An article by Stephen A. Nuño for NBC Latino approached the issue of Latinos who are finally, after decades of election season platitudes and promises from the party leadership, ready for an entirely new paradigm. Unfortunately, Nuño’s piece focused on the contest shaping up to replace Becerra in Congress and the appeal of a more strident outsider activist attitude in determining the outcome of the election. Accordingly, he emphasized the predictable skirmish between Gómez and Sanders proxy Carmona as the leading example of the widening chasm between traditional Democratic Party stalwarts and a newer breed of Latinx organizers, while ignoring two equally high profile women compelled to run by a sense of urgency. Their concern, it goes without saying, is triggered by what they see as a tangible threat to the health and welfare of the communities where they have invested much of their life’s work.

Both Wendy Carrillo and Maria Cabildo have, until now, steered clear of direct participation in electoral politics as candidates in favor of direct action and long-term community-building. Carrillo, an organizer and a media liaison, is informed equally by her experience as an undocumented Salvadoran immigrant brought to the U.S. while still a young child and by her graduate studies in political science. The child of Mexican immigrants, Cabildo is a product of L.A.’s Eastside and an Ivy League education who has spent 20-years improving the quality of life for several thousand neighborhood residents with innovative economic empowerment strategies and a community development model that makes a full range of comprehensive educational, civic engagement and financial literacy programs an integral part of tenant services available for residents of the numerous affordable housing complexes built and managed by the non-profit she helmed as President and CEO.

Driven by a profound belief in the sanctity of human rights and a commitment to environmental justice, Ms. Carrillo spent several months in North Dakota at the Standing Rock Sioux Reservation documenting the  efforts of water protectors who sought to sway corporate oil interests through prayer and ceremony into rerouting the Dakota Access Pipeline that even now, as a result of a Trump order rescinding an Obama administration halt to drilling and construction, is being routed underneath the Missouri River. More recently, Carrillo took part in the Women’s March on Washington and was the only Congressional candidate invited to address the assembled marchers.

A former Los Angeles County Planning Commissioner appointed by Mayor Eric Garcetti, Ms. Cabildo is a single mother of two teenagers. Discussing her candidacy recently at a gathering of writers and educators within the modest Mt. Washington home of two long-time friends, historian Virginia Espino and author Hector Tobar, Cabildo spoke softly yet passionately about her own daughter’s sudden concern and anxiety over the results of the presidential election.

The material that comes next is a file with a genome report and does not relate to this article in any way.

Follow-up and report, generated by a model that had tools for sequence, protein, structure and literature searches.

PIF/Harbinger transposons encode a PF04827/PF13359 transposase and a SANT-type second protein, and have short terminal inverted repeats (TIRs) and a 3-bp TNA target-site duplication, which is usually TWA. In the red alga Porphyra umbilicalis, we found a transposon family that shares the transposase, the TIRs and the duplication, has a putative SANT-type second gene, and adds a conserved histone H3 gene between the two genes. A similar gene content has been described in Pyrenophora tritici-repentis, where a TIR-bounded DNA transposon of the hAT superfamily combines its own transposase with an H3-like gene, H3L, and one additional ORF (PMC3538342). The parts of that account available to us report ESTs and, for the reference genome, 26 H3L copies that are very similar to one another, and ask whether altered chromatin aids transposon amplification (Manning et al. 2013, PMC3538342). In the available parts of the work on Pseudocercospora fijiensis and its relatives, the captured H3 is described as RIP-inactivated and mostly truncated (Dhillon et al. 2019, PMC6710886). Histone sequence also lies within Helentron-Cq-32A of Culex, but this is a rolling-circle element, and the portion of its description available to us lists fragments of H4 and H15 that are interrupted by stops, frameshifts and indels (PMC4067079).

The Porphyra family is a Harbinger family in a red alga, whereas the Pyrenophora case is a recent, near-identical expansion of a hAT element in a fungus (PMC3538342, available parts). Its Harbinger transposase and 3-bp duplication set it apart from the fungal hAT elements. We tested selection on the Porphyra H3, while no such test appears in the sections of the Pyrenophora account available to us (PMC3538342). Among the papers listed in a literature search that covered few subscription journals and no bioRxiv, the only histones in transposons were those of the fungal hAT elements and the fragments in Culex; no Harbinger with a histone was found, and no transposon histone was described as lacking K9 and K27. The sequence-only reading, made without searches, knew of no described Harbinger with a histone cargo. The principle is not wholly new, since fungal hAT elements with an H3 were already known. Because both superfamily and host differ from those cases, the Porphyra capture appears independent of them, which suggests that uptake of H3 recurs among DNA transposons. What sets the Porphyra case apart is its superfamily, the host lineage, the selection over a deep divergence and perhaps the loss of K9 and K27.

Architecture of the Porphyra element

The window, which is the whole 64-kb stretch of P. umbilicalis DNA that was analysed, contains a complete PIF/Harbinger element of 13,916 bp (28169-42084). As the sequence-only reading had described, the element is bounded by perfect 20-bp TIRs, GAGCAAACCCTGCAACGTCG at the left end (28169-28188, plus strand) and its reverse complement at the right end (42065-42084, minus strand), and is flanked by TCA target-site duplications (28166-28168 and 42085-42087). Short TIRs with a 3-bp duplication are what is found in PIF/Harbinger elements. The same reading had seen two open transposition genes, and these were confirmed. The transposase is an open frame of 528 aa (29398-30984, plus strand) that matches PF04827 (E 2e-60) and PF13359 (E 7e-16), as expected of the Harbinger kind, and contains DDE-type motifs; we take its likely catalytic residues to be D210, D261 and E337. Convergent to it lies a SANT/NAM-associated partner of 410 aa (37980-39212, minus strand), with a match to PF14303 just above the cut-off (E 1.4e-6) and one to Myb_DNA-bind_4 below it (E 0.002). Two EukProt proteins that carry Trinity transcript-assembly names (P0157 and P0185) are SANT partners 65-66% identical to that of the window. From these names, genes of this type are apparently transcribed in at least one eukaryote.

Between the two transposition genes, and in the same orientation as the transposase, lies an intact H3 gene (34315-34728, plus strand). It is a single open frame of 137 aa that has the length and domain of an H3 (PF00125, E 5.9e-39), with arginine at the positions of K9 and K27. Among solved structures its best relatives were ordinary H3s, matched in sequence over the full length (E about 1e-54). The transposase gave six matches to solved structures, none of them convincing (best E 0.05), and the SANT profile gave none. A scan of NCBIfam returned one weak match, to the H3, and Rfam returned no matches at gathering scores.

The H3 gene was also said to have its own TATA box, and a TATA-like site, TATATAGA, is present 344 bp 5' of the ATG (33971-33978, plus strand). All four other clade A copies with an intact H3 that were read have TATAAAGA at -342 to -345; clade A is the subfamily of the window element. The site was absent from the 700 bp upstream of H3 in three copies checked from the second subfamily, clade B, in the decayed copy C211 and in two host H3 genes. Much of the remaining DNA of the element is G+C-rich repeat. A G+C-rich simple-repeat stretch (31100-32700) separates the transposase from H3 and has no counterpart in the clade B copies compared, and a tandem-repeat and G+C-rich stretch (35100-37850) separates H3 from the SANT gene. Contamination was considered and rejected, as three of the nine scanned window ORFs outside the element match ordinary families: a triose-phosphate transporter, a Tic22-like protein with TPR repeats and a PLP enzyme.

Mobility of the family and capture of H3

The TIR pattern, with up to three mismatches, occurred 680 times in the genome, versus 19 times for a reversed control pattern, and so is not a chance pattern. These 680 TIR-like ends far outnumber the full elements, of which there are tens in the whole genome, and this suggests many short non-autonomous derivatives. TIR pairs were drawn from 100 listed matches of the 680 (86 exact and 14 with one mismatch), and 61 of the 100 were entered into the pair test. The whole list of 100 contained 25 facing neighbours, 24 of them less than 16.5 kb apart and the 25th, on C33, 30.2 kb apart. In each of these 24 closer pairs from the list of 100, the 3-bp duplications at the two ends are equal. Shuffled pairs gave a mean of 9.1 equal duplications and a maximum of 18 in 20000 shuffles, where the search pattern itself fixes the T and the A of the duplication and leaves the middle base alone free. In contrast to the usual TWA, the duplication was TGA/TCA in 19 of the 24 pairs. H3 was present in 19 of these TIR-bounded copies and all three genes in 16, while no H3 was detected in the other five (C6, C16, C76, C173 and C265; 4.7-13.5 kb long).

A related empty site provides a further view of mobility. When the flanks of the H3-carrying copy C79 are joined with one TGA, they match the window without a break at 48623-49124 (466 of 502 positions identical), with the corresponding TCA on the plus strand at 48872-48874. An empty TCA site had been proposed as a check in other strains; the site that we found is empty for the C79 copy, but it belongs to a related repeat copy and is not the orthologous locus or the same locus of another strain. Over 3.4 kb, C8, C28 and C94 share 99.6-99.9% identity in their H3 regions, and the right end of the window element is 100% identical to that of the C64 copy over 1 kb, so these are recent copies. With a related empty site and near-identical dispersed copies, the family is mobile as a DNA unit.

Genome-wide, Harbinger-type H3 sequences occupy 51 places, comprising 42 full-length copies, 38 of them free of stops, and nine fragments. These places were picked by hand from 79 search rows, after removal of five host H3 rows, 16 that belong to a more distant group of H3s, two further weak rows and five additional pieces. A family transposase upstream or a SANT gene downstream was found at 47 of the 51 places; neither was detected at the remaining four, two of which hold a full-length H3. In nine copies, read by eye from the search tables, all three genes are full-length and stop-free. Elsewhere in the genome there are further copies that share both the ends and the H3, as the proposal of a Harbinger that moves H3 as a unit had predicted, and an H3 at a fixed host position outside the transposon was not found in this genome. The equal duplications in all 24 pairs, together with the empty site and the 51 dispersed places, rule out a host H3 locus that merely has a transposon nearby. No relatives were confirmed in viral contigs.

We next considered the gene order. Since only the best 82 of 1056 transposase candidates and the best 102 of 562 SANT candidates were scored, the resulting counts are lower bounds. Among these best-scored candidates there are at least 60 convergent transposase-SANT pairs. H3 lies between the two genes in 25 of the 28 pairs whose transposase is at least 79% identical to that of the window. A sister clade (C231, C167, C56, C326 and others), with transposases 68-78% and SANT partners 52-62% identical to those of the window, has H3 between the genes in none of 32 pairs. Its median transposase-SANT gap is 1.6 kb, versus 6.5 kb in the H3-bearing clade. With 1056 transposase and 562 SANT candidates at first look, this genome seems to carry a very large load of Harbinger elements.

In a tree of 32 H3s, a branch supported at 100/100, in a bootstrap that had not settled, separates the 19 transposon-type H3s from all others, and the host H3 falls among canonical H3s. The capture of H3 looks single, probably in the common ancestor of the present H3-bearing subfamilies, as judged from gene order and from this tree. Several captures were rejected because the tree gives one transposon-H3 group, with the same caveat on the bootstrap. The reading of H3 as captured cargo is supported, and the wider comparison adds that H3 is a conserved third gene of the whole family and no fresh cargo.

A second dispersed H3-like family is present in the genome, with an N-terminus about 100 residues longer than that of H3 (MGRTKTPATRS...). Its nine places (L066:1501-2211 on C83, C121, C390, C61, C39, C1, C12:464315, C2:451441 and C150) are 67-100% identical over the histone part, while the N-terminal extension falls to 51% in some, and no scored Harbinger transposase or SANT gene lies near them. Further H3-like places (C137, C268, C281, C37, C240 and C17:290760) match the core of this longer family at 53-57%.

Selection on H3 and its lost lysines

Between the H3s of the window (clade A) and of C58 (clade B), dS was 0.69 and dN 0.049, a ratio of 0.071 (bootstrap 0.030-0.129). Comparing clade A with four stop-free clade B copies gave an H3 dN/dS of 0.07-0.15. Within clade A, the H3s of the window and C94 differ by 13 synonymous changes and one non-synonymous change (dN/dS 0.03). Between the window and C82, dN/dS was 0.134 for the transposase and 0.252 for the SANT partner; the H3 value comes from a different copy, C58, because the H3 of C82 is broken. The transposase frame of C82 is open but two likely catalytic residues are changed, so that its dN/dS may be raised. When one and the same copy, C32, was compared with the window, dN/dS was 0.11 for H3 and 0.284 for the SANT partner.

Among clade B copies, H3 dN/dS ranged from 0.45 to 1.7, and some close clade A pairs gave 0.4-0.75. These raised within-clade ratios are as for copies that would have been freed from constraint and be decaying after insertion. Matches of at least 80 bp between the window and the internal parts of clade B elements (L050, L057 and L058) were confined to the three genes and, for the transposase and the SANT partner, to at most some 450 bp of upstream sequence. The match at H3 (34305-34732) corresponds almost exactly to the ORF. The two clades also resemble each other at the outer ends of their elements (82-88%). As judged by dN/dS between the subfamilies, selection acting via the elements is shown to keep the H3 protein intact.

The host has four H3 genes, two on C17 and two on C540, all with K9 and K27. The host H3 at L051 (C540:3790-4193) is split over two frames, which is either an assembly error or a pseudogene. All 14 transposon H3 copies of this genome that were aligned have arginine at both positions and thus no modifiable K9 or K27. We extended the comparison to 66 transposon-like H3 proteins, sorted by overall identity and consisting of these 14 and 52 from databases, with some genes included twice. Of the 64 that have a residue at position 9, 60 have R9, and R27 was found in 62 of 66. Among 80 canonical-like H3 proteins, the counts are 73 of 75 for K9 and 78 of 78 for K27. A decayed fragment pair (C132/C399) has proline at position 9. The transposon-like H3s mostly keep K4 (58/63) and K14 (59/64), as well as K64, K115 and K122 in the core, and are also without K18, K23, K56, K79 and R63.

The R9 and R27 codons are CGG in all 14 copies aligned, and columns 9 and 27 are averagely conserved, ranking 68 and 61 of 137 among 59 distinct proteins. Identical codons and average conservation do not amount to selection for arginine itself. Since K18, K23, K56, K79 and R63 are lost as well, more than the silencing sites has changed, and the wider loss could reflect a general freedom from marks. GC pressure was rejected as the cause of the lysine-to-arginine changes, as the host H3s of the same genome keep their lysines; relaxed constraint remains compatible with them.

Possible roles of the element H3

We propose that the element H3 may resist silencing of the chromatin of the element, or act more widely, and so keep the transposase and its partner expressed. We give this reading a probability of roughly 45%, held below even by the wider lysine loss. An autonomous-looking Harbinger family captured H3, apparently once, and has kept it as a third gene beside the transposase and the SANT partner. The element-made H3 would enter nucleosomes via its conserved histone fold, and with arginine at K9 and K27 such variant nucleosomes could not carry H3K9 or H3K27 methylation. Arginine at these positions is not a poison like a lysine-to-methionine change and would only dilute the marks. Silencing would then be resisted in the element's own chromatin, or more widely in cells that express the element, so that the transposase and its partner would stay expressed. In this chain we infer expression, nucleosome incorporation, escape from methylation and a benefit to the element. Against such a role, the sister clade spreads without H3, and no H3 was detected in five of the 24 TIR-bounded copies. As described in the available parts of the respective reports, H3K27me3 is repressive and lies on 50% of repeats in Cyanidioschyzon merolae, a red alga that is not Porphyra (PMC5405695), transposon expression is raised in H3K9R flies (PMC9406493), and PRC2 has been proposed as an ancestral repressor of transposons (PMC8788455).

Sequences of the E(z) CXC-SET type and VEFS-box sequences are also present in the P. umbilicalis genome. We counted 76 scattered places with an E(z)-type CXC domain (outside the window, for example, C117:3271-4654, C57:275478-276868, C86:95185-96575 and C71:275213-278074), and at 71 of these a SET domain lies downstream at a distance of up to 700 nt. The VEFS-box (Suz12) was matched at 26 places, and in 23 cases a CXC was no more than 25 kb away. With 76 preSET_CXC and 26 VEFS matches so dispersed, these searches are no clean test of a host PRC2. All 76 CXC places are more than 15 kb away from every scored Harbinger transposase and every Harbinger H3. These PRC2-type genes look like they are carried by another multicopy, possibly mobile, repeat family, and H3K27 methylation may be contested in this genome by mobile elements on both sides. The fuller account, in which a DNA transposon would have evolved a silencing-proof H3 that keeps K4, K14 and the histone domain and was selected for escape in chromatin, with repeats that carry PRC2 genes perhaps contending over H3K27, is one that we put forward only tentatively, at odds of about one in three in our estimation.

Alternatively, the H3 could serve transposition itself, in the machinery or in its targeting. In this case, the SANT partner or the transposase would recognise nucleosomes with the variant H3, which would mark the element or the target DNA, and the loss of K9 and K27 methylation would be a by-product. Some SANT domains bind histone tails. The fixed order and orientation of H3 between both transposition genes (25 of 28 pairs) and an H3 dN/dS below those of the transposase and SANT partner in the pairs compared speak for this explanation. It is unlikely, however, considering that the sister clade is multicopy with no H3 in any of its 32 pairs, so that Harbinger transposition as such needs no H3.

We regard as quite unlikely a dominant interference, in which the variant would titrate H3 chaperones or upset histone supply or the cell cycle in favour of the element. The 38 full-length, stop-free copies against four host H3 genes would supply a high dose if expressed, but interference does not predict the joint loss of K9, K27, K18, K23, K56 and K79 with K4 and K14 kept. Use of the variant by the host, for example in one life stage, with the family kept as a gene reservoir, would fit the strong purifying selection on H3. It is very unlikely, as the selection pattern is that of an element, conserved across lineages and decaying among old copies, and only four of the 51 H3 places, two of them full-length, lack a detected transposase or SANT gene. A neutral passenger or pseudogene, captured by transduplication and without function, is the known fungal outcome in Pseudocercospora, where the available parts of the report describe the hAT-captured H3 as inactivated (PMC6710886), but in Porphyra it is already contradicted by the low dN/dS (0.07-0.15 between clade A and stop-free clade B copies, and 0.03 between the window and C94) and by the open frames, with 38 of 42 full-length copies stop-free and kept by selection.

While the decision to seek an elected office was not an easy one, Cabildo confessed, she is determined to fight the dismantling of the limited advances and safeguards won by working people under Obama. Her late father, despite his humble station as an immigrant tailor, she explained, made sure that she and her siblings understood the importance of social engagement and working in common cause for the benefit of a greater community, the larger family of humankind. Whether it was through volunteer work at a local community center, enrolling her and her younger sister in neighborhood karate classes, or insisting that his wife—the candidate’s mother—who lacked a formal education, learn to read at a nearby adult literacy program, her father, added Cabildo, was a primary source for the strong sense of civic responsibility she still feels deeply today.

Although Garcetti has endorsed Gómez, understandable as a Democratic Party mandate, legendary political and human rights activist Jackie Goldberg recently announced her decision to endorse Cabildo for Becerra’s former position. Ironically, when Goldberg ended her final term on the Los Angeles City Council and ran successfully for State Assembly, she endorsed Garcetti in his bid to succeed her as the representative of the 13th Council District, an area that includes Hollywood and has long been regarded as the most politically progressive and culturally diverse district in the city. Cabildo supporters hope Goldberg’s eminence grise, Hogwarts-worthy charm still works. Cabildo is grateful for the nod from a leader she has admired for as long as she can remember and responded to Golberg’s coveted approval with characteristic grace.

“Jackie’s endorsement means the world to me, because she is one of the most principled public servants we’ve ever had,” Cabildo said. “On issues like economic justice, civil rights, and equal opportunity, Jackie Goldberg led the way.”

“Maria is truly special. No other candidate has made a more tangible difference in the lives of local residents,” said Goldberg. “Thanks to Maria, countless families have been able to find affordable housing and buy their first homes. She has been a tireless leader for economic opportunity for over 20 years. That’s true public service. I know that she is the most progressive and experienced candidate in this race.”

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Brooklyn & Boyle is a print and online magazine dedicated to Art & Life in Boyle Heights and Beyond. The publication features Brooklyn & Boyle stories from the Greater Eastside LA arts scene, including but not limited to the neighborhoods of Boyle Heights, City Terrace, East LA, Lincoln Heights, El Sereno, South Pasadena, Cypress Park, Arroyo Seco, Highland Park, and Eagle Rock, places every bit as creative and cultured as one another while aware and active in support of authentic arts and creative projects which support community integrity and respect for the history and heritage of the many Eastside neighborhoods.